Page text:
SALINA, KS ‒ In a trench 9 feet below the surface, a worker employed by Precision Plumbing LLC was connecting a plumbing line to the municipal sewer in Salina in January when he was buried under dirt and rocks after a trench wall collapsed.
The company’s foreman entered the trench and tried to dig the worker out. Soon after, he then became buried up to his knees when the trench wall collapsed further. For more than an hour, first responders worked to rescue the two workers. Both survived one of the construction industry’s most serious hazards.
In an investigation by the U.S. Department of Labor’s Occupational Safety and Health Administration, inspectors determined the trench had no protection against cave-ins and the employer allowed soil piles and equipment within 2 feet of the excavation’s edge. OSHA found Precision Plumbing’s violations of these federal trench safety regulations willful.
Inspectors learned that a superintendent with the site’s general contractor, Multicon Inc. — a Wichita-based construction company — had identified the trench collapse hazards to the Precision Plumbing foreman but left the site before making certain the subcontractor corrected the hazard.
“Fortunately, first responders rescued two workers when a 9-foot trench collapsed. This incident is a stark reminder of how soil can shift suddenly and bury a person within seconds,” explained OSHA Area Director Todd Underwood in Wichita, Kansas. “Many other workers are less fortunate. In fact, OSHA investigated the deaths of 39 workers in trench collapses in 2022 alone.”
OSHA’s investigation led the agency to issue Precision Plumbing, located in Cheney, two willful and six serious violations with proposed penalties of $333,949. In addition to the willful violations related to the trench collapse, investigators found the company failed to do the following:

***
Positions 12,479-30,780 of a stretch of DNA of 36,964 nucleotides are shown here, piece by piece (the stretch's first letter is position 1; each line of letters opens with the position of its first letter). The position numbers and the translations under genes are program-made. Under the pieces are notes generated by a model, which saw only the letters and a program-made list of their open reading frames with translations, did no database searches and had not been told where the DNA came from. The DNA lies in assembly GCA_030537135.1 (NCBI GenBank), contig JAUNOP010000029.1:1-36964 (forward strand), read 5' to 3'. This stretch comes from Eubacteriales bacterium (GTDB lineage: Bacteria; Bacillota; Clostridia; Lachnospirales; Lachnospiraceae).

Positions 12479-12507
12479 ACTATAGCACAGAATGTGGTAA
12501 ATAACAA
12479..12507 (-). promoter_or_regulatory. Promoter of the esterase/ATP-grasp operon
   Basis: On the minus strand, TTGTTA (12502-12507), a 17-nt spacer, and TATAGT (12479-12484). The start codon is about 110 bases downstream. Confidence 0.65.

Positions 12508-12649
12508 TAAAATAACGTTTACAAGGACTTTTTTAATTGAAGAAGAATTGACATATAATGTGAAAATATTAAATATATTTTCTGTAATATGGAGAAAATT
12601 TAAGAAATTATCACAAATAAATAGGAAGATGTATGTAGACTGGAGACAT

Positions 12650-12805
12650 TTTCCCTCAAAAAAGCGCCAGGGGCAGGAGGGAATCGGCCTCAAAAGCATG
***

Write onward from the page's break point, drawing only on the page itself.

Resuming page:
Make sure workers wore hard hats when exposed to overhead struck-by hazards.
Protect workers from drowning hazards due to an unsupported water pipe in the trench.
Provide workers with eye protection when workers were using chemicals.
Develop a program on chemical hazards and train workers on how to use chemicals safely.
OSHA also cited Multicon Inc., the general contractor, for one serious violation for failing to protect employees from cave-in and engulfment hazards. The agency proposed penalties of $14,063.
OSHA has a national emphasis program on trenching and excavations. Trenching standards require protective systems in trenches deeper than 5 feet, and soil and other materials kept at least 2 feet from the edge of a trench. Additionally, trenches must be inspected by a competent person, be free of standing water and atmospheric hazards and have a safe means of entering and exiting prior to allowing a worker to enter.
Each June, the National Utility Contractors Association and OSHA recognize Trench Safety Month..
OSHA’s trenching and excavation webpage provides additional information on trenching hazards and solutions. including a safety video.
Learn more about OSHA.